mailing list archives
RE: Business justification for pentesting
From: "Omar A. Herrera" <omar.herrera () oissg org>
Date: Tue, 30 Aug 2005 18:48:41 -0500
From: sectraq () gmail com [mailto:sectraq () gmail com]
a few classic question that i would appriciate any answers for.
1- i would like to briefly know how to quantify information assets. In
other words, i hear a pentester say: if a hacker breaks in ur network, u
will loose up to 40000$ for example. how can he come up with such figures?
2- are there any other means to justify pentesting for management except
3- are there any official statistics, figures etc. for justifying
pentesting. ther more official it is the better.
4- any other information you guys might find helpful in justifying a
pentest would be appriciated.
thnx in advance for ur help.
In order to provide more useful information to justify you pentest, you will
need to get some information from your client first. For example, what is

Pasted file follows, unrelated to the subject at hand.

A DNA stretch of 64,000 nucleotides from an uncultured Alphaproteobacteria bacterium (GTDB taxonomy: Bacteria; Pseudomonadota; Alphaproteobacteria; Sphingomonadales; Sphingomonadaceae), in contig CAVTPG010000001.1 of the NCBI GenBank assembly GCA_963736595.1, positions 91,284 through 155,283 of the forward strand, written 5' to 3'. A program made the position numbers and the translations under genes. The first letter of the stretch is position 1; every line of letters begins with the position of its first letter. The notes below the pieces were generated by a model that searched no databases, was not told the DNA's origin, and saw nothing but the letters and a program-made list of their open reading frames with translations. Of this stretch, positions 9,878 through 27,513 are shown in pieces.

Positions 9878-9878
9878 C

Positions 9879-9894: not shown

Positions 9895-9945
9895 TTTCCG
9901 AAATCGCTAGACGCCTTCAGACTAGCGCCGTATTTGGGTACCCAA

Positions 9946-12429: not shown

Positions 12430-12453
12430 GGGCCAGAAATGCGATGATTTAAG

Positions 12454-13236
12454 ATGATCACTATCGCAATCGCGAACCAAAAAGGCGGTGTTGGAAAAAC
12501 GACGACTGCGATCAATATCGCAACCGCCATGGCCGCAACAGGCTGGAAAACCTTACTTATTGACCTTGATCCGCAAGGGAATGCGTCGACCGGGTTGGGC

the cost of loosing this information or staying out of business for a couple
of hours? Many clients will even feel you are bragging if you just show them
numbers. However most will appreciate the fact that you recognize that you
don't know the details of their business but know your own business well and
are able to use that knowledge in other environments after you learn from
A better approach in my opinion is to give your potential client the tools
for them to do the math. In many cases, it is not necessary to provide a
number. For example, most banks know very well the risks of having certain
types of incidents. You can also remind them of what has happened to other
similar companies (e.g. CardSystems case for e-banking and e-commerce). In
any case, doing a reasonable research of your client and their business
before showing up is advisable.
Another good reason for not providing a number is that you will eventually
deny being liable for intrusions an incidents after your pentest. Simply
because the pentest can't guarantee that this won't happen or that you will
discover all and every vulnerability out there.
So, It is ok to say: "Look, these are the risks and this is what might
happen to companies like yours, let me check out to see if there are any
vulnerabilities that are exploitable from the outside using procedures and
techniques similar to those of a hacker but with the benefits of having
repeatable results, blah blah blah".